A baker’s dozen from Pauillac feels a sufficiently good cross section from which to draw conclusions. And on the basis of these, Pauillac has had a pretty sensational year in 2019. Stylistically the very top wines feel like a combination of 2009 and 2010, with a fraction less extraction and even greater emphasis on purity. I’ve already posted individually on remarkable wines from Château Pichon Lalande and Château Pichon Baron but exceptional Pauillacs have also been made at Château Grand-Puy-Lacoste and Château Batailley. These are real crowd pleasers in 2019. Both châteaux have extremely popular followings and have been well priced too in this release campaign. Batailley continues its run of great form across the decade. It has finesse, sophistication and purity. Grand-Puy-Lacoste is a real treat. It has wonderful fruit and texture. Surely ‘GPL’ remains the best value fine wine in all Bordeaux? Talking of value, do consider Château Fonbadet and Château Pibran in 2019. Both have produced impressive wine. Other successes include Château Lynch-Moussas and Château Grand-Puy Ducasse. 2019 is also a good vintage to consider so called ‘second wines’ by the looks of it. Lacoste Borie from Grand-Puy-Lacoste is wonderful, Pichon Lalande’s Reserve was knockout and Les Tourelles de Longueville and Les Griffions from Pichon Baron also impressed.
Posts Tagged ‘Chateau Grand-Puy-Lacoste’
There is certainly a lot of freshness to the wines in Pauillac in 2017. This is not a generous vintage here for me though. There is a degree of austerity in this vintage, and some properties are decidedly on the angular side. The picks? An impressive wine has been made by Château Grand-Puy-Lacoste. It stood out in the appellation at the UGCB tastings last autumn. I’ve scored the other leading properties slightly below GPL, including Château Duhart Milon, Château Lynch-Bages, Château Pichon Baron and Château Pichon Longueville Comtesse de Lalande. They have all made good wine but they must be seen as modest in relation to the quality of the wines made at these properties in 2015, 2016 and 2018. Château Batailley is also up there for quality, alongside Château Haut-Bages Libéral and both have made decent Pauillac. I was particularly disappointed by Château d’Armailhac and Château Clerc Milon to a lesser degree. Both lacked middle and felt on the austere side. Château Grand-Puy Ducasse also lacked flesh.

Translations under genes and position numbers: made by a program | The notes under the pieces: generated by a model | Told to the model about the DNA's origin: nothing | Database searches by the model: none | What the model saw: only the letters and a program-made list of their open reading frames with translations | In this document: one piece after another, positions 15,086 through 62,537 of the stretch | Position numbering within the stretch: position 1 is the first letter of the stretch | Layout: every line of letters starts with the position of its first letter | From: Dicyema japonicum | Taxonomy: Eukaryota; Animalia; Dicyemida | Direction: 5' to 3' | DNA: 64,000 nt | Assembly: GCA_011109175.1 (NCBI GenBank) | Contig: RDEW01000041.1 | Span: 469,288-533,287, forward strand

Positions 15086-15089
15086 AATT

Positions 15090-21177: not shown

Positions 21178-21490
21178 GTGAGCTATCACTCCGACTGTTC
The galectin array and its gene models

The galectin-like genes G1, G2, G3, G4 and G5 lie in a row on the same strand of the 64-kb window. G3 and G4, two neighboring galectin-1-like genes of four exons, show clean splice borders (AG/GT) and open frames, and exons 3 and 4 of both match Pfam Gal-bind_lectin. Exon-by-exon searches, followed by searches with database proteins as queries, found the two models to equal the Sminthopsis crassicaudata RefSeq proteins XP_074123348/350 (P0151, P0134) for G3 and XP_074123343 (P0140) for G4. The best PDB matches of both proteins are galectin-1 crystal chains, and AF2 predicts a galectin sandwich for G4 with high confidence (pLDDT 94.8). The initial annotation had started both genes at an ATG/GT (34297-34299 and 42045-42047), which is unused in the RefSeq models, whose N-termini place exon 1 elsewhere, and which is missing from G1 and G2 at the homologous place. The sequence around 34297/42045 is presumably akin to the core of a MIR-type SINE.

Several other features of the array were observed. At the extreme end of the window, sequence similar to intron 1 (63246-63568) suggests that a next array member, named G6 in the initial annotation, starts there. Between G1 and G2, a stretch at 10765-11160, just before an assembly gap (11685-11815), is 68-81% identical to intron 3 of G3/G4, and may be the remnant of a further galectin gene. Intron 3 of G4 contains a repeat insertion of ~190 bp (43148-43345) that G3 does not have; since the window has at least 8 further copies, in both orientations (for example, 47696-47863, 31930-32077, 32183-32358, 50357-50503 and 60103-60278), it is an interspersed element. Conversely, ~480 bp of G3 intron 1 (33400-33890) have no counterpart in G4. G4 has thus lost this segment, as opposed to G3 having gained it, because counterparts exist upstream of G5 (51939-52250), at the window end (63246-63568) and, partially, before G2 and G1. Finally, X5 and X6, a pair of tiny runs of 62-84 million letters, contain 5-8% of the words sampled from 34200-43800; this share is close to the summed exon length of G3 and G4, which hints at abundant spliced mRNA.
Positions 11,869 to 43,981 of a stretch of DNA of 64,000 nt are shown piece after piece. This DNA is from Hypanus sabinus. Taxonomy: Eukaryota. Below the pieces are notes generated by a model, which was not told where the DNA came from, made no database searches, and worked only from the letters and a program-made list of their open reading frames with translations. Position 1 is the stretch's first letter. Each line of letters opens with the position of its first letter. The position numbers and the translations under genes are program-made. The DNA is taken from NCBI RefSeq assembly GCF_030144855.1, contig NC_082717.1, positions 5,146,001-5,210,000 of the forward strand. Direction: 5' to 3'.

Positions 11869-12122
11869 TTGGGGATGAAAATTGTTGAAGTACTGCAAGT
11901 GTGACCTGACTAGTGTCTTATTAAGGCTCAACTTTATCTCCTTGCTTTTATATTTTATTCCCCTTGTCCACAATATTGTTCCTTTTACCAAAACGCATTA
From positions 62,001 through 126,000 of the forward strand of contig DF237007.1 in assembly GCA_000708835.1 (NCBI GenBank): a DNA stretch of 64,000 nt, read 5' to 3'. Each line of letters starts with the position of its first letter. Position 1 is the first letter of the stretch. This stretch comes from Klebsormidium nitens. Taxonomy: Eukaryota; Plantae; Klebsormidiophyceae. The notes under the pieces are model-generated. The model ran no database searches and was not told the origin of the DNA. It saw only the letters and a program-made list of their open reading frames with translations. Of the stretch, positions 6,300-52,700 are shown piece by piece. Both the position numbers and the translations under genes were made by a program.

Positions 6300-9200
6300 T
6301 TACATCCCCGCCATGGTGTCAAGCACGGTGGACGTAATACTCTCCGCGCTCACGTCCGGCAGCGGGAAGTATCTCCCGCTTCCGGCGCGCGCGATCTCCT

2017’s a funny old vintage in Bordeaux. It feels to me like this year is the least successful of the past decade, assuming we forget about the washout 2013 vintage. That’s not to say that there aren’t a number wines that are really impressive now that the 2017s are in bottle. Last October’s annual Union des Grand Crus de Bordeaux tasting in London showed some excellent wines in Pomerol and St Emilion, perhaps more so than in the other communes, but there were fine wines to be found in all the appellations. That said many lacked a bit of charm, seemed somewhat austere and lacked mid-palate concentration. Yes, they are fresh. Yes, the acidity is bright and some have a decent zap about them, but, overall, it’s hardly a vintage that sets the pulse racing. The same couldn’t be said for the experience that the vignerons themselves faced in the early part of the growing season in 2017 when devastating frosts wiped out entire crops in St Emilion and Pomerol and did much damage elsewhere, notably in parts of Pessac-Léognan and the Haut-Médoc. Some properties didn’t make any wine at all. It was certainly a nerve-jangling time for growers. Looked in that light, perhaps we must actually see 2017 as something of a success.
Many of the red wines tasted during my visit to Bordeaux this April had freshness, engaging aromas, juicy fruit flavours, reasonable depth and generally soft tannins. On this basis 2017 is surely a good vintage? Well yes. For the best properties we’re talking of wines with elements of 2014, 2012 and 2008, possibly a combination of all three in certain places. Things are more exciting for the whites [it looks to be a brilliant year] and Sauternes too has excelled again. But these generalisations hide a somewhat heterogeneous vintage.